“Me shooting 40% at the foul line is just God’s way to say nobody’s perfect.” —Shaquille O’Neal
A story about my mother:
About five years ago, my mother was asked to serve on the board of directors at my synagogue. They asked her to write a short essay about her favorite moment from Jewish history. They wanted to publish it in the next synagogue newsletter.
Mom’s not much of a writer, but she got into the assignment. She spent a few days writing the essay. She wrote and re-wrote the essay. She kept us updated on her progress.
At the end of the week, she finally had a draft ready. I’m the editor in the family, and so she gave her essay to me.
Like I said: Mom’s not much of a writer, but she worked really hard on this one. And it showed.
Her essay was about the story of the exodus from Egypt, and it was a nice essay.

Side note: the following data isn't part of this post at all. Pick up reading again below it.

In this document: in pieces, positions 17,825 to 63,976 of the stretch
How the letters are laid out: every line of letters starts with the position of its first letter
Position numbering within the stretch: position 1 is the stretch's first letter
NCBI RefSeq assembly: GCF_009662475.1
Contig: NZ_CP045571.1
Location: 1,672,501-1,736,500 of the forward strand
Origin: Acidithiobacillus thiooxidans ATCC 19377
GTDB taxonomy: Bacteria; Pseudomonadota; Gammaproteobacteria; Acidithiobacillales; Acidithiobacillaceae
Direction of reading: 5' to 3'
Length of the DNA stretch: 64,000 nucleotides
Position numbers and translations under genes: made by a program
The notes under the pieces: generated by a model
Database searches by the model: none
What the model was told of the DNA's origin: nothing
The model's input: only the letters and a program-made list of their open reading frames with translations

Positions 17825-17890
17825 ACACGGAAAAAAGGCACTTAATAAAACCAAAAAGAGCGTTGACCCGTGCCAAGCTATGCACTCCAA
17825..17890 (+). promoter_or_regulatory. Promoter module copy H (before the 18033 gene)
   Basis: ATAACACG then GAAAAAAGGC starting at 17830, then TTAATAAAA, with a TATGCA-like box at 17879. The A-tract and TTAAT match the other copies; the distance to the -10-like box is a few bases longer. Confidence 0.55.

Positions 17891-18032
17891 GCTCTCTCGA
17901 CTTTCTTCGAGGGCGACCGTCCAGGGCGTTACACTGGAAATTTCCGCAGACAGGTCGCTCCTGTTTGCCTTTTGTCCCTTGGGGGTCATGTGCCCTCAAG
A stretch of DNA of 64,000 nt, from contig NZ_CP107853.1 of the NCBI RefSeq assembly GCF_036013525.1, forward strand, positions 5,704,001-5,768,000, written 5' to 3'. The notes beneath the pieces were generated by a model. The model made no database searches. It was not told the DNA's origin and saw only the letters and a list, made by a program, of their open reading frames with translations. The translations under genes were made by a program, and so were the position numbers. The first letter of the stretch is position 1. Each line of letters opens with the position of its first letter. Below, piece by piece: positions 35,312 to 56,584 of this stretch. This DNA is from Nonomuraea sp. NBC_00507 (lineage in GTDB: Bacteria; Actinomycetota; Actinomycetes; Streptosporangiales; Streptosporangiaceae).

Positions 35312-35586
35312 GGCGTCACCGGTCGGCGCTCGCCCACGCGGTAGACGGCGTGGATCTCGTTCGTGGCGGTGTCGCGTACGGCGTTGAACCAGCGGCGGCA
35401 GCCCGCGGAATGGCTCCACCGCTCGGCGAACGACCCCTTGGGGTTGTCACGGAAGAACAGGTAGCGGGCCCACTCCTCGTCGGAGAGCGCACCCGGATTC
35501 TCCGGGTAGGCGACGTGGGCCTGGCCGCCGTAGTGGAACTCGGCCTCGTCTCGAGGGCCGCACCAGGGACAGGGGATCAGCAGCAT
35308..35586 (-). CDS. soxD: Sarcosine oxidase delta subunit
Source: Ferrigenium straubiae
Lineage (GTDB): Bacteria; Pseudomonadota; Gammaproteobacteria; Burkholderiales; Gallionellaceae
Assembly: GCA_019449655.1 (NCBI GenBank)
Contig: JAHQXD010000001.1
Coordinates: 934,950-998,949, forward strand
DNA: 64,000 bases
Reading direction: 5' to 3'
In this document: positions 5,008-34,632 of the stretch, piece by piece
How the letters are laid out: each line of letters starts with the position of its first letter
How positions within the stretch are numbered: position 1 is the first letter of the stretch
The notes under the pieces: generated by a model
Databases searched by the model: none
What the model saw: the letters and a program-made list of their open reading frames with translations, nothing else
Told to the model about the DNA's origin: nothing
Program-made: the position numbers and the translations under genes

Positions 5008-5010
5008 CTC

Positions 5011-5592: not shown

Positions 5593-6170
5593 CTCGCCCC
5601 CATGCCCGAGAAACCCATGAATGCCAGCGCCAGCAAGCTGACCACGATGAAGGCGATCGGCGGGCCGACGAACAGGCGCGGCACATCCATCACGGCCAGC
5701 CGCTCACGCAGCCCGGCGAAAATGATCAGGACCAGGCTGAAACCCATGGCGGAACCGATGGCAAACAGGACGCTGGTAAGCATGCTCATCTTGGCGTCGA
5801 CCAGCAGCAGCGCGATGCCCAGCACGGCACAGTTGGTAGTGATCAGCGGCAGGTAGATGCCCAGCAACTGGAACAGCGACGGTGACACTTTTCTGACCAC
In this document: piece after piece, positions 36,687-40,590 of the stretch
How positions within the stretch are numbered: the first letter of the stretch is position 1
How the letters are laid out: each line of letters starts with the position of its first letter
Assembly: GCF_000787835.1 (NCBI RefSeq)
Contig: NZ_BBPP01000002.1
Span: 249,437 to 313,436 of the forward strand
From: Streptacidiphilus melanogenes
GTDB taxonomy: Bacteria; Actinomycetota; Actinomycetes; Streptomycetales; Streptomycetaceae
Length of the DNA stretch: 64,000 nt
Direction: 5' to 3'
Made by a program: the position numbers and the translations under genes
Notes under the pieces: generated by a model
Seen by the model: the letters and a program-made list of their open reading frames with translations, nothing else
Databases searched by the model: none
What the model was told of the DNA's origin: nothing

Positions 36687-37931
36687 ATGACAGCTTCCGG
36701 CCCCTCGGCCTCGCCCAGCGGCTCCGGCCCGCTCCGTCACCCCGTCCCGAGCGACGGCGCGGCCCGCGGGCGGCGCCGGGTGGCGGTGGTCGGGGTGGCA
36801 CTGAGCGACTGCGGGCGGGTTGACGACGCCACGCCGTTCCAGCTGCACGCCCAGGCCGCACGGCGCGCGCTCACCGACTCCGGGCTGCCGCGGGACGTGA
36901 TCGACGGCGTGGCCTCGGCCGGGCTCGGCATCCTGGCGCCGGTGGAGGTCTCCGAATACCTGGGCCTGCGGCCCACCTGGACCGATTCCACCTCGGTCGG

There was only one problem: My mother had written all about the parting of the Red Sea, and how Noah — not Moses — had been the one to lead the Israelites out of Egypt.
“Uh, ma,” I told her. “It would’ve been way easier to get across the water if they’d had Noah and his ark.”
Point is: My mother is a remarkable woman. She’s one of the best networkers I know. She loves to help. And she’s a fantastic project manager.
She just knows how to make stuff happen.
But she also knows her weaknesses, and one of them is writing. She needs an editor — or sometimes two.
What I love is that she’s always willing to ask for help on these things. She’s willing to recognize her weaknesses.
I’ve said it before, and I’ll say it again: Don’t be afraid to ask for help. We all need it.
Sometimes, we’re just too stubborn or too vain to ask for it.
But we can’t be. Not when we’ve got work this important to do.
We can always use help to get it right.